Promoted to Wing Commander he becomes the CO of Sq 126 and he will be credited with another 6 victories  getting the DSO distinction . In September 1944 he is shot down and wounded during the Market Garden operation (Arnhem) when escorting supply planes to the Brit parachutists under an extremely dense flak fire. He so gets the equivalent Dutch DSO.

Squadron Leader J. A. Plagis was promoted to Wing Commander on December 28, 1944 and posted to North Weald as Deputy Station Commander. Note : He was not a part of 126 Squadron in March 1945 nor of 'B' Wing at RAF Bentwaters for the operation against the Gestapo Headquarters or the Shell House , as wrongly mentioned in some sources - research made thoroughly into the operational archives of Sq 126 by Derek Carter (June 2013) .

In 1945 returns to his home place and gets the Rhodesian nationality commanding a local squadron. He  was called back to England in 1946 and stayed with the RAF until 1948 having flown with the first jets, namely the Gloster Meteor. He then retired with a total of 19  confirmed victories at the age of 29. 

Rhodesia has honoured him by attributing his name to an avenue where he also established his home. In 1962 he is mentioned to have been elected to the parliament of Salisbury with the Rhodesian Front party.  It was soon after reported that he probably committed suicide for unknown reasons. 

There are many references on him in books pertaining to the Malta air fighting and his listed in the List of World's Air Aces , at times as a Rhodesian or a Greek ace. In Greece  , private researches conducted by a number of few air enthusiasts in the world circa 1999 brought more light to his family unknown origins. 




It was actually not until 2007 that we had the great chance of locating his living family members . At first his niece Kelee Plagis , a professor in USA , who introduced us to his 4 children , leaving in South Africa ,John , Jill , Mickey and Jason. . We had the immense pleasure of receiving  the following family pictures from Jill which we proudly present below :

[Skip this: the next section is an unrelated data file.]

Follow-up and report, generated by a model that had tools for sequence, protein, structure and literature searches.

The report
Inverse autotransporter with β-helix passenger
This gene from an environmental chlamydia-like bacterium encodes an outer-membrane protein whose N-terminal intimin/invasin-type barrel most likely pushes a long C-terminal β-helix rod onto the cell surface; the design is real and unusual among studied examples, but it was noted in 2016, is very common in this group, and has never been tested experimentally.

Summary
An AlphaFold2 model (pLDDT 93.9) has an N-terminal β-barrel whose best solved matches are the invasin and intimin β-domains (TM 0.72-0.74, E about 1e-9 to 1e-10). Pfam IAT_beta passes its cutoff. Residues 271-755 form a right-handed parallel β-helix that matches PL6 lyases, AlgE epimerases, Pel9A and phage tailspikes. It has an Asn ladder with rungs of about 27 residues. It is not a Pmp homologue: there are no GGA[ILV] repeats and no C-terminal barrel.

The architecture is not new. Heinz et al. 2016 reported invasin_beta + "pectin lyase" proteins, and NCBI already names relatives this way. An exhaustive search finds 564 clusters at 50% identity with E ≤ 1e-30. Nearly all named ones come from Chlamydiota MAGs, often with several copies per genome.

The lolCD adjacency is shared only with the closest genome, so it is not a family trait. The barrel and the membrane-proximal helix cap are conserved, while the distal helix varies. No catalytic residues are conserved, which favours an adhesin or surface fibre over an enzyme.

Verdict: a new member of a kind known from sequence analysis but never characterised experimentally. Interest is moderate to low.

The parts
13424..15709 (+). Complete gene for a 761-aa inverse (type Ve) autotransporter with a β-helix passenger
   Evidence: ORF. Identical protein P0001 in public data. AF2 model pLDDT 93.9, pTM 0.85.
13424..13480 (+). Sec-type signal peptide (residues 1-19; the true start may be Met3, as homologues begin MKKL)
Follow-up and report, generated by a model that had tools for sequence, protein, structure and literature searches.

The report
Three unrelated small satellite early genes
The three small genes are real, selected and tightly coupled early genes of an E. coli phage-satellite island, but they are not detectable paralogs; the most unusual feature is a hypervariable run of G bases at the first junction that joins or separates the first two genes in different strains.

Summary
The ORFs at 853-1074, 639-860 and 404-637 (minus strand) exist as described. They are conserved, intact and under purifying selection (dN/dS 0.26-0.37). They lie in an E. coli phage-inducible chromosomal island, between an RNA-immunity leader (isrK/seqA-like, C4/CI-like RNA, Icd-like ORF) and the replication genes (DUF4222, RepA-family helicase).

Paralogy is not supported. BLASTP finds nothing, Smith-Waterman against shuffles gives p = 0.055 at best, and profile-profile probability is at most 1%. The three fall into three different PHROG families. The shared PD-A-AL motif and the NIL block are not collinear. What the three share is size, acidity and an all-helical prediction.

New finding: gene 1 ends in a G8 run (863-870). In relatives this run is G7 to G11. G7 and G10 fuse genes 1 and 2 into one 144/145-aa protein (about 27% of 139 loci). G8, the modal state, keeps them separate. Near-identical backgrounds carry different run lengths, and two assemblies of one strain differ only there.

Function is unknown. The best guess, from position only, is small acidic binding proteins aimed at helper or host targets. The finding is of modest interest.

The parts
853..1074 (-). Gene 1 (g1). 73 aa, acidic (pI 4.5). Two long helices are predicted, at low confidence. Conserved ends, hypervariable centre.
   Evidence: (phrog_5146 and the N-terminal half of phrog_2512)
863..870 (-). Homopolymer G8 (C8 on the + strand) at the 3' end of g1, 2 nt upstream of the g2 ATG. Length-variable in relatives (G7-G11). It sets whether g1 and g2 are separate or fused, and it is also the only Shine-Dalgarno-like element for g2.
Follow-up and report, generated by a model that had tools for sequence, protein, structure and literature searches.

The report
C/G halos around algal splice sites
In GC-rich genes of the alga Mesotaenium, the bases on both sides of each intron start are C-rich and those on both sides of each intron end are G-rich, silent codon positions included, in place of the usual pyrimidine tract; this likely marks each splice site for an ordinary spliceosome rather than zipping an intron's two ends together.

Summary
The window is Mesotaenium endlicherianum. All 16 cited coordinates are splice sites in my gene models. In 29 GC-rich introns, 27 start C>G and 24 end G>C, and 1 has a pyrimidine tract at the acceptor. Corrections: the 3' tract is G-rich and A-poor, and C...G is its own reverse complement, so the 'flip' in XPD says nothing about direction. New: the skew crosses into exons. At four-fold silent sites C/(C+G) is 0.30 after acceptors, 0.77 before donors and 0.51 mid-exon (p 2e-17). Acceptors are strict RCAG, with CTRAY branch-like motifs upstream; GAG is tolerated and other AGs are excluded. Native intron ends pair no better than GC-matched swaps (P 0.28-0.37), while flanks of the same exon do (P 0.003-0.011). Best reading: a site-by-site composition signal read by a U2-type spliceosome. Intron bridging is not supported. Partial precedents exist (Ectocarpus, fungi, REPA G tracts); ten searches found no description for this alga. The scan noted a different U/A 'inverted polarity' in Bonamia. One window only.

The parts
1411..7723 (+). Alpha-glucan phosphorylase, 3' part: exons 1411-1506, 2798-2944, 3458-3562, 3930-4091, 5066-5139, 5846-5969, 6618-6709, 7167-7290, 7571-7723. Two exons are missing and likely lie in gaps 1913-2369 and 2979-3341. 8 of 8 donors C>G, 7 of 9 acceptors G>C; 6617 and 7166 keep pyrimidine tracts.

John Plagis carrying the DFC , therefore the picture is dated circa 1941 in Malta

Photograph courtesy of Jill Plagis

Johns' parents and grand parents of Jill

Agorastos (1867-1940) 

Helen - maiden name Rosselli (1890-1792)

from the greek island of Limnos

Photograph courtesy of Jill Plagis

This picture is probably taken when he joined the RAF at the age of 23

Photograph courtesy of Jill Plagis



He carries the rank of the RAF Sergeant and therefore we assume the picture was taken in London. His writing reads : "To my Darling family. Love" , signed ' Jay.XX'

(Jay corresponds to a nick name for John)

Photograph courtesy of Jill Plagis


One of the last photos of John Plagis in 1974 with his children during his last decoration. The medal carried on top of the others was probably awarded by the Orthodox Archbishop in Africa (Researches are going on to locate the origin of this medal)

Photograph courtesy of Jill Plagis


Probably a picture from his college years 

Photograph courtesy of Jill Plagis

  Jill most recently sent us a letter of John Plagis himself to his family , referring to his war career and his own researches for his family origins in Greece. You may see below John's  hand-written signature to this letter



You may also read the following site on John Plagis :